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Don Herbert, 89; TV's 'Mr. Wizard' taught science to young baby boomers

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Don Herbert, who explained the wonderful world of science to millions of young baby boomers on television in the 1950s and '60s as "Mr. Wizard" and did the same for another generation of youngsters on the Nickelodeon cable TV channel in the 1980s, died Tuesday. He was 89.

Herbert died at his home in Bell Canyon after a long battle with multiple myeloma, said Tom Nikosey, Herbert's son-in-law.

A low-key, avuncular presence who wore a tie and white dress shirt with the sleeves rolled up, Herbert launched his weekly half-hour science show for children on NBC in 1951.

Broadcast live from Chicago on Saturdays the first few years and then from New York City, "Watch Mr. Wizard" ran for 14 years.

Herbert used basic experiments to teach scientific principles to his TV audience via an in-studio guest boy or girl who assisted in the experiments.

"I was a grade school kid in the '50s and watched 'Mr. Wizard' Saturday mornings and was just glued to the television," said Nikosey, president of Mr. Wizard Studios, which sells Herbert's science books and TV shows on DVD.

"The show just heightened my curiosity about science and the way things worked," Nikosey said. "I learned an awful lot from him, as did millions of other kids."

By 1955, there were about 5,000 Mr. Wizard Science Clubs nationwide, with more than 100,000 members.

And as Mr. Wizard, Herbert was a true TV star, featured in an array of magazines, including TV Guide, Life, Time, Newsweek, Science Digest, Boy's Life and even Glamour.

Herbert was taken aback by the show's success.

"What really did it for us was the inclusion of a child," he told the St. Louis Post-Dispatch in 2004. "When we started out, it was just me up there alone. That was too much like having a professor give a lecture. We cast a boy and girl to come in and talk with me about science. That's when it took off.

"The children watching could identify with someone like them."

In explaining how he brought a sense of wonder to elementary scientific experiments, Herbert told the New York Times in 2004 that he "would perform the trick, as it were, to hook the kids, and then explain the science later.

"We thought we needed it to seem like magic to hook the audience, but then we realized that viewers would be engaged with just a simple scientific question, like, why do birds fly and not humans? A lot of scientists criticized us for using the words 'magic' and 'mystery' in the show's subtitle, but they came around eventually."

"Watch Mr. Wizard" garnered numerous honors, including a Peabody Award, four Ohio State awards and the Thomas Alva Edison Foundation Award for "Best Science TV Program for Youth."

And Herbert had a lasting effect.

"Over the years, Don has been personally responsible for more people going into the sciences than any other single person in this country," George Tressel, a National Science Foundation official, said in 1989.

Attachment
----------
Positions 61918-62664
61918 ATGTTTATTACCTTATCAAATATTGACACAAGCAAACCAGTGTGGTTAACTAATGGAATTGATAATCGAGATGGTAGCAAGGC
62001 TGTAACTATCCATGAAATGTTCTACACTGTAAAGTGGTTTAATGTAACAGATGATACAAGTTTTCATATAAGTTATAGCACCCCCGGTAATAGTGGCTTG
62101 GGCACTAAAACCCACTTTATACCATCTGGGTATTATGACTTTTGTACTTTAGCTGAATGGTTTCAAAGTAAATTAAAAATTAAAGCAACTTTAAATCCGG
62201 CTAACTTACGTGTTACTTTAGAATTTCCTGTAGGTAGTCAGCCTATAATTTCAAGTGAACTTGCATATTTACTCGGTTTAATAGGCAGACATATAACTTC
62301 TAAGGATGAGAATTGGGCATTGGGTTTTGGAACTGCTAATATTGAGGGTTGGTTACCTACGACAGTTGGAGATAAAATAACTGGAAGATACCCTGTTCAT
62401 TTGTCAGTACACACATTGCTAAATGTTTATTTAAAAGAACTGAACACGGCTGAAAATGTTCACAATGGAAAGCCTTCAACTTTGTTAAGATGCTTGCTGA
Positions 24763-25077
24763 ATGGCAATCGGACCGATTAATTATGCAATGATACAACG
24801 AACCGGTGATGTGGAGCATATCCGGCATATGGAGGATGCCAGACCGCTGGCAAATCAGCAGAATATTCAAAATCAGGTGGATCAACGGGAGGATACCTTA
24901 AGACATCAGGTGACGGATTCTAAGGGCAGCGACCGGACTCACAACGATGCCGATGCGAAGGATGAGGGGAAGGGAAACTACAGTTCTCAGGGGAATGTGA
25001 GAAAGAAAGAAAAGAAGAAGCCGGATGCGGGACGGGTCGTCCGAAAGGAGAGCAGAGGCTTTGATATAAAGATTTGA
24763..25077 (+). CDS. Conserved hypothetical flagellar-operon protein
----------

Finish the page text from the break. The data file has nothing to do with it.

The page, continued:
"I fully realize the number is virtually endless when I talk to scientists," he said. "They all say that Mr. Wizard taught them to think."

Herbert's experiments on the show typically used household items.

As a 1951 Time magazine story noted: "Herbert's object is to show his audience what goes on in the world — why the wind blows, what makes a cake rise, how water comes out of a kitchen tap.

"To explain rain, he boils water in a coffee pot, compares the steam to clouds, and shows how 'rain' will condense on the sides of a glass held over the spout."

Not every Mr. Wizard experiment went according to plan.

In "Saturday Morning TV," a 1981 book by Gary H. Grossman, Herbert recalled pouring two colorless solutions into one glass and then announced that the solution would turn black before he counted to nine.

"I got up to 20 and decided I'd better stop," he recalled. "I explained that apparently other factors like temperature and acidity had interfered with the experiment."

But as he finished his explanation, the liquid changed color.

"It was embarrassing, certainly, but I discovered the answer," he said. "We hadn't used a fresh solution, so the reaction was slower than expected."

After "Watch Mr. Wizard" ended its 14-year-run in 1965, Herbert showed up frequently on talk shows, including "The Tonight Show" and "Late Night With David Letterman."

"Watch Mr. Wizard" was revived in 1971 for a season, and "Mr. Wizard's World" ran on Nickelodeon from 1983 to 1990.

Born July 10, 1917, in Waconia, Minn., Herbert later moved to Minneapolis and then La Crosse, Wis. He graduated from LaCrosse State Teachers College in 1940 and could have taught English or general science — his majors — but he recalled later that he was more interested in the theater.

He worked as an actor and stagehand in a Minnesota theater group before moving to New York City in 1941.

A year later, he volunteered for the Army Air Forces. As a B-24 bomber pilot, he flew 56 missions over Italy, Germany and Yugoslavia and received the Distinguished Flying Cross and the Air Medal with three oak-leaf clusters.

Herbert wrote several books, including "Mr. Wizard's Supermarket Science" and "Mr. Wizard's Experiments for Young Scientists."

In recent years, he helped set up his website, http://www.mrwizardstudios.com .

He is survived by his wife of 34 years, Norma; his two sons and a daughter from his first marriage, Jay and Jeffrey and Jill Rogers; his stepdaughters Kendra Jeffcoat and Kris Nikosey; his stepson, Kim Kasell; and 13 grandchildren.

The family plans to hold a private memorial service.


dennis.mclellan@latimes.com

Copyright © 2014, Los Angeles Times
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